So this fairy-dust festooned, light and dark vortex, bestrewn with calligraphed gestural scribbles, all seem just about right. Frank's grayscale and sepia subtleties outbalance his more overt comix-colored bar scenes, although some of those purer color splashed abstracts, shine.
 

classic

Unidentified Mac Whitney sculpture - Photograph Copyright 2011 by J R Compton. All Rights Reserved. No Reproduction in Any Medium Without Specific Written Permission.

unidentified sculpture by Mac Whitney

It's still a joy to find old and new treasures by master Dallas sculptor Mac Whitney, even if his name wasn't mentioned in the invitation, or on any i.d. or price list I could find, and this and one other piece were alone in the young gallery's back-yard sculpture garden and private parking lot.
 

pristine

Paul Booker - No. 16 (detail) - Photograph Copyright 2011 by J R Compton. All Rights Reserved. No Reproduction in Any Medium Without Specific Written Permission.

Paul Booker   No. 16   (detail)   ink on Mylar  

I remember Paul Booker's amazing miniature, framed, non-chromatic plastic and simple metal materials pegged with push, specimin and other straight and bent pins, old rusted spray cans, and other close-up wall sculptures at 500X when art like that was strange and exotic. And I've seen his eloquent pristines since at Dunn & Brown Contemporary before it evolved to Tally Dunn. A decade ago, I called his work "bemusing — like elegant, enigmatic, three-dimensional cartoons," and I feel that stirring sensation when I closely inspect his fine craftsmanship and austere presentation still.
 

dark passage

Tally Dunn Gallery - Photograph Copyright 2011 by J R Compton. All Rights Reserved. No Reproduction in Any Medium Without Specific Written Permission.

Bright Door in a dark Talley Dunn Gallery

This was the only photograph I made at TDG, and this one only after I left, impatiently awaiting the rest of the gang to follow along. We got remarkably close (non valet) street parking, where everybody else was probably afraid to try — sans No Parking signs.

Saw some David Bates I always enjoy visiting; a big so-so Vernon Fisher; and surprisingly large, naked paintings I've seen in art magazines and history books. But I don't really remember what else, I suppose because they weren't from around here, and I have this predilection for Dallas art and artists.

I like this dark view of the not-at-all-inviting Talley Dunn space outdoors on opening nights — that brilliant open door rectangle of bright, a few subtle bubbles of tinted glow peeking over the top, and gloom all around. Building juts in the back and red trees behind contrast an eerie warehouse parking lot of nothing.
 

under where?

Letitia Eldgrege - Keep Your Man in Boxer Shorts - Photograph Copyright 2011 by J R Compton. All Rights Reserved. No Reproduction in Any Medium Without Specific Written Permission.

Letitia Eldredge   Keep Your Man in Boxer Shorts   $4,000

Last stop that night was Ro2 Uptown, which I had to be reminded where was as we circled the squares up one-way streets to get there, park in almost the same place we always do, then walked through a touchy-feely (cashmere and silk] apparel shop into one of several former store spaces Ro2 seems to be settling into after bouncing through every no-parking-available spot in Dallas. It's nicer, brighter and more gallery-like on every visit.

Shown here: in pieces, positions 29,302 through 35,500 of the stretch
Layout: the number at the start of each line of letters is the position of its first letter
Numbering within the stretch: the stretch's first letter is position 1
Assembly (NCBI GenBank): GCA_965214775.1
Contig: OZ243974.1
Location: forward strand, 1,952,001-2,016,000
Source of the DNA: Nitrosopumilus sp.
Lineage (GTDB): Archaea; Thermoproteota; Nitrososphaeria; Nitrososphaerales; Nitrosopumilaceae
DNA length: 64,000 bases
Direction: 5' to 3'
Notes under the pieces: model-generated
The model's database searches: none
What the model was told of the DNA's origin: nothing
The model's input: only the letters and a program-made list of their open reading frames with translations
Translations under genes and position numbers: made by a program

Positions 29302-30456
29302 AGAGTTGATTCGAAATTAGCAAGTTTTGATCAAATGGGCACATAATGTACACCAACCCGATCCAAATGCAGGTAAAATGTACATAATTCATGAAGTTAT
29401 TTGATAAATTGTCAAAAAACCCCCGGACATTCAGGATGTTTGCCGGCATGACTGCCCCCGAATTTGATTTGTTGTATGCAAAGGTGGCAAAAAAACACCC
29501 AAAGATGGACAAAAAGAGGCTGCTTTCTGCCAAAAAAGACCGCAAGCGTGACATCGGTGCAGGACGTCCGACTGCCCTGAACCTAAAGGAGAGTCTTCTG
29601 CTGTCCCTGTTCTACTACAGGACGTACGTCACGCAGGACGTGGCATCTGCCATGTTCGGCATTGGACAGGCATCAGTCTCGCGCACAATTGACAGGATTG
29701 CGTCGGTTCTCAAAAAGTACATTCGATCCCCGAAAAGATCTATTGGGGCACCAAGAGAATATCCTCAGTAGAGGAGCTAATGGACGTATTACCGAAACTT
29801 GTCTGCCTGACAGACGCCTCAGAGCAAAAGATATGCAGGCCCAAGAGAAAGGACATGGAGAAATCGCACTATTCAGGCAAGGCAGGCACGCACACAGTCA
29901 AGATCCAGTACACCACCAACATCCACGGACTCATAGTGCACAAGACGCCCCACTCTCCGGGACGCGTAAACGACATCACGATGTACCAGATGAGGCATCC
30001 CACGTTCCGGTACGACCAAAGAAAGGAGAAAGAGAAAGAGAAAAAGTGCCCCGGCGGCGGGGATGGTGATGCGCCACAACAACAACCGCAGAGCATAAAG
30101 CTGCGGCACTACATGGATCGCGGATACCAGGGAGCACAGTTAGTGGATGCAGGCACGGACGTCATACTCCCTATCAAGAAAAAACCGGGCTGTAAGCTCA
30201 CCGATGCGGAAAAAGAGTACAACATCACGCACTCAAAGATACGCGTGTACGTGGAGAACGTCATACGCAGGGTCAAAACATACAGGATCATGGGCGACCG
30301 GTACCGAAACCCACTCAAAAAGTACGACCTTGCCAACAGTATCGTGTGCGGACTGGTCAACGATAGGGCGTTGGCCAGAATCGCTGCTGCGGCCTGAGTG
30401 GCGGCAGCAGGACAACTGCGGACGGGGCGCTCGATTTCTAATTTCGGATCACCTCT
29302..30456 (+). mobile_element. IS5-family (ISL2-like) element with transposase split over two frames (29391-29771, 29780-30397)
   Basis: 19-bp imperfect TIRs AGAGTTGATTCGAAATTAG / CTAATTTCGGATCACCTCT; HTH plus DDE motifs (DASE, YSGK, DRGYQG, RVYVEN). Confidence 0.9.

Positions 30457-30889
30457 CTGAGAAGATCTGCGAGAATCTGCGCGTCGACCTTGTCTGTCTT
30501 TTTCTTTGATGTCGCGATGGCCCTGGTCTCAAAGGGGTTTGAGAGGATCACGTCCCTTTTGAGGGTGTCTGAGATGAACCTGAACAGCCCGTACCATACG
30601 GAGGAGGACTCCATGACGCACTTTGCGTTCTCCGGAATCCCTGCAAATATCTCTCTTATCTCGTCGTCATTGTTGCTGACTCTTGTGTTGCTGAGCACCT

Letitia Eldredge and I also go way back. I have color photographs of her and two other comely young women kneeling naked in the snow with her large ceramic vessels hiding private parts, in the yard of the duplex I used to live in behind Whittle's Music in venerable Oak Lawn. But I've only seen her a couple times since then. Never knew her as a painter.

And I had no idea this was hers when I fell for it. Her paintings always startle me. This one gorgeous in contrasting greens and reds and the wigwam village settled along the bottom, although I still don't see any underwear.
 

terror

Jason Reynega - Under Fire - Photograph Copyright 2011 by J R Compton. All Rights Reserved. No Reproduction in Any Medium Without Specific Written Permission.

Jason Reynega   Under Fire   $4,500

Very large, in glittering psychedelic sequins, lined with a scaled up arsenal of personal to very impersonal splatter-monocolored weapons, a masked freedom fighter eyes us askance. Do we see fear or ferocity? What do they know about us? And what will they do about it? Artist Jason Reynega leaves it up to us in this commanding view.
 

Bright Brit

Tony Cragg   Congregation

Tony Cragg   Congregation   (detail)   2009  

More recently and less interestingly (It should have been intriguing and exotic, but I was feeling poorly.) was our tour of the Nasher, where we saw work by the elder Tony Cragg. Most of which seemed, like many contemporary 3-D artists tend to — be so desperate to get away from standard notions of sculpture that he'd extrude any vivid plastic color, gravity-defying organic form or ugly mess of striated shapes, and after a few minutes I was eager just to get away, escaping downstairs to find this steel-haired charmer.

Congregation stood me on my this-end-up and insisted upon close attention to the curly bits of bright, eyed metal screwed into the wood hulks of this floating boat and pier entwined.

I'd wanted to put my elbows down into the soft-seeming mass of his nearby 1995 Secretions amalgam of thousands of black dots on white plastic dice, improbably rounded into bulbous floral masses. I needed the bump back to reality as I claim to know it.